You may have heard on the news that inflation may be higher than actually reported over the past year. The pandemic altered consumer expenditures, and our official index may not appropriately reflect these changes. Alberto Cavallo from Harvard updated the weights on each category in the Consumer Price Index (CPI). Cavallo finds that the annual adjusted inflation rate in April 2020 was actually 1.06 percent instead of the official 0.35 percent reported.
Consumer preferences and coronavirus restrictions have limited spending in certain categories like travel, dining and recreation, which have experienced deflation.
While other categories such as food and housing have significantly increased. Many businesses have delayed reopening even when they are able because they expect demand to be depressed.
Several recent indications suggest a strong rebound in sectors like travel, gasoline, retail and auto sales. The additional stimulus payments are also driving pent up demand.
How does high inflation affect the business?
Inflation isn’t inherently good or bad; it depends on your perspective. You may be reluctant to increase prices and potentially lose customers, but inflation might mean a growth in activity in your sector. The level of inflation also plays a part in the good versus bad discussion. A little is often desirable, but too much can bring business to a halt.
What should you do?
The effects of inflation on small businesses
While inflation means that your dollars don’t go as far, it doesn’t necessarily mean you should increase prices. You may be able to balance increased costs with efficiencies. Consumers expect prices to rise over time. The key is to make small, manageable price increases that are easy for your consumer to incorporate into their budget. Here are some things you should consider during times of inflation:
Look at your productivity. Can you maintain the same level of productivity with less staff? This is especially key when labor costs are driving inflation.
Are there new technologies you should consider? Maybe you can automate production of a line or add a self-service kiosk to save on labor.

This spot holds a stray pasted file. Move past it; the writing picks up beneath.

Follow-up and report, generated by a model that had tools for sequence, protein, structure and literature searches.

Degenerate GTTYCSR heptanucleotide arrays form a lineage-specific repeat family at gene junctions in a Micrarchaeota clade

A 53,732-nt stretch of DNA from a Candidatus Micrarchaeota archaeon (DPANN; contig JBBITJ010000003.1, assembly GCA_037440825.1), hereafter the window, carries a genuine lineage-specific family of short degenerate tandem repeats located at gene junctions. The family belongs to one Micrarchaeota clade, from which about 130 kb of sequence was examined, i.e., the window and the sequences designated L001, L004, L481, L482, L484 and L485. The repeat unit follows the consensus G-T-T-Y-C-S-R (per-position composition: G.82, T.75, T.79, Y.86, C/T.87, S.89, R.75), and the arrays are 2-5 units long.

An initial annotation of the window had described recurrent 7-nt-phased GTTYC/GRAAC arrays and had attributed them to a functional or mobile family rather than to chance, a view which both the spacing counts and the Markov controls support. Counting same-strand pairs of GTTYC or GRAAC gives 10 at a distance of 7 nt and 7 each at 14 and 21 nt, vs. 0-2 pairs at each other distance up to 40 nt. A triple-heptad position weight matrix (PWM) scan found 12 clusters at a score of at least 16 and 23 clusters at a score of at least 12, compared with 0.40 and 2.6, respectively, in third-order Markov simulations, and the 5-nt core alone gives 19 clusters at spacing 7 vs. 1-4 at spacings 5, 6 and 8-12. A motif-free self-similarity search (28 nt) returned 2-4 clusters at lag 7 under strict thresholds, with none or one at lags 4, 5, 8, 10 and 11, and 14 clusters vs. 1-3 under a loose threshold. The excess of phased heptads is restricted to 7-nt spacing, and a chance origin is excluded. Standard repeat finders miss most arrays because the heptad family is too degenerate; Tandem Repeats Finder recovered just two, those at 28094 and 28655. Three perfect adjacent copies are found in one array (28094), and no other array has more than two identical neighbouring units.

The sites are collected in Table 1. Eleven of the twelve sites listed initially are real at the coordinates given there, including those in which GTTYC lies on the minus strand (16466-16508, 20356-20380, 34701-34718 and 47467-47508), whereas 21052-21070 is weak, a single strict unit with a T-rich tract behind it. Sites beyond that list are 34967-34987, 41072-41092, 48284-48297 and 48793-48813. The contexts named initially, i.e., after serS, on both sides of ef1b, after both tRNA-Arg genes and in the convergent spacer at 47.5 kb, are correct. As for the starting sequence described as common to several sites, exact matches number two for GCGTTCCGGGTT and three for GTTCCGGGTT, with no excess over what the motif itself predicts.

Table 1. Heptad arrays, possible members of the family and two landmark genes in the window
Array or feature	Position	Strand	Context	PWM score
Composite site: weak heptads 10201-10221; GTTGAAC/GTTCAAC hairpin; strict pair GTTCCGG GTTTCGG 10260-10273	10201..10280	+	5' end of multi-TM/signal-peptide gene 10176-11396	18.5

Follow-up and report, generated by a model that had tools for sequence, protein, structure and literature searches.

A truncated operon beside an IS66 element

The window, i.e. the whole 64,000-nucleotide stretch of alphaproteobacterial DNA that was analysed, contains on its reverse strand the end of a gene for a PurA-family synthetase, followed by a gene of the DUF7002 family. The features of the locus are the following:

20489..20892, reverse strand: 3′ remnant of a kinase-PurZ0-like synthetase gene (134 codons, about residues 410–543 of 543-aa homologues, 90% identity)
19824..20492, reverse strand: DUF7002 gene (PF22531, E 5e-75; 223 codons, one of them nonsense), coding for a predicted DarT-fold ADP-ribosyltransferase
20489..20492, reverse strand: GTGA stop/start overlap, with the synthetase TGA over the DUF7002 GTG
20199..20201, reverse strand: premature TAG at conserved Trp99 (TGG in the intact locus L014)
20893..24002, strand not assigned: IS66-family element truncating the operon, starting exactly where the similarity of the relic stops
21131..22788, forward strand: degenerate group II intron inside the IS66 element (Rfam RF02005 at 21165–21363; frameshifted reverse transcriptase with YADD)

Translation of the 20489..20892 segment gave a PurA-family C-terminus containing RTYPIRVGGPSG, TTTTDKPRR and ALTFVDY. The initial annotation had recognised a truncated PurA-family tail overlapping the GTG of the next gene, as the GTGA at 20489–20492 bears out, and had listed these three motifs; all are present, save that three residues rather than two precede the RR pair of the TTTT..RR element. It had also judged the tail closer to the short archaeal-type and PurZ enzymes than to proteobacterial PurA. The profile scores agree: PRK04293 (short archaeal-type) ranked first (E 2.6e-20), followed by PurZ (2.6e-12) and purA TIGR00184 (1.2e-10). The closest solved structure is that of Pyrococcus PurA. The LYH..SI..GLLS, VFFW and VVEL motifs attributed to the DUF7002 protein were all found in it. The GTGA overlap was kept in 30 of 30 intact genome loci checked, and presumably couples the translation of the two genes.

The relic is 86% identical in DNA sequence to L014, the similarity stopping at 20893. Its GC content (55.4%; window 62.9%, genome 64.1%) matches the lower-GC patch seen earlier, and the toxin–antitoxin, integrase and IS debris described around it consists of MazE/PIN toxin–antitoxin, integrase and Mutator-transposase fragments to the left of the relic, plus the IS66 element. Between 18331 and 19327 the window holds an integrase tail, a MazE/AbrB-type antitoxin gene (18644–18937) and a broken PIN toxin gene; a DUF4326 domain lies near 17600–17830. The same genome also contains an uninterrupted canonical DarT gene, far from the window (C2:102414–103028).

Is there the potential to reduce material costs or expenses? You want to weigh these decisions very carefully because you don’t want to just go cheaper. You want quality materials to maintain your quality product which ultimately affects your business reputation.
These measures can help you hold off raising prices, but there will come a time when you must increase prices. It’s always important to follow your closest competitors to see how they are handling inflation.
It is also important to maintain transparency with your customers and be sensitive to their needs as well. Be upfront and let them know why you’re raising prices. Let them know in advance so they can prepare for the price increase. If you do these things, your customer is more likely to stay loyal to your business and understand the reasons for your price increase.
The pace of recovery remains uncertain, but things appear to be looking up with vaccinations happening in the United States. Of course, we still need to be wary of new strains and maintain safe practices in the near future.
We lived through a prolonged period of low inflation and growth before the pandemic hit. The pandemic affected each of our businesses differently. Prices are going to rise and it’s important that we plan for inflation.
This is the effect of inflation on small businesses! If you would like help with your pricing strategy, we’re here to help. Outlook Business Solutions offers an array of marketing and sales services from strategy planning to copywriting and public relations. We’re here to help you grow your business and inspire your customers.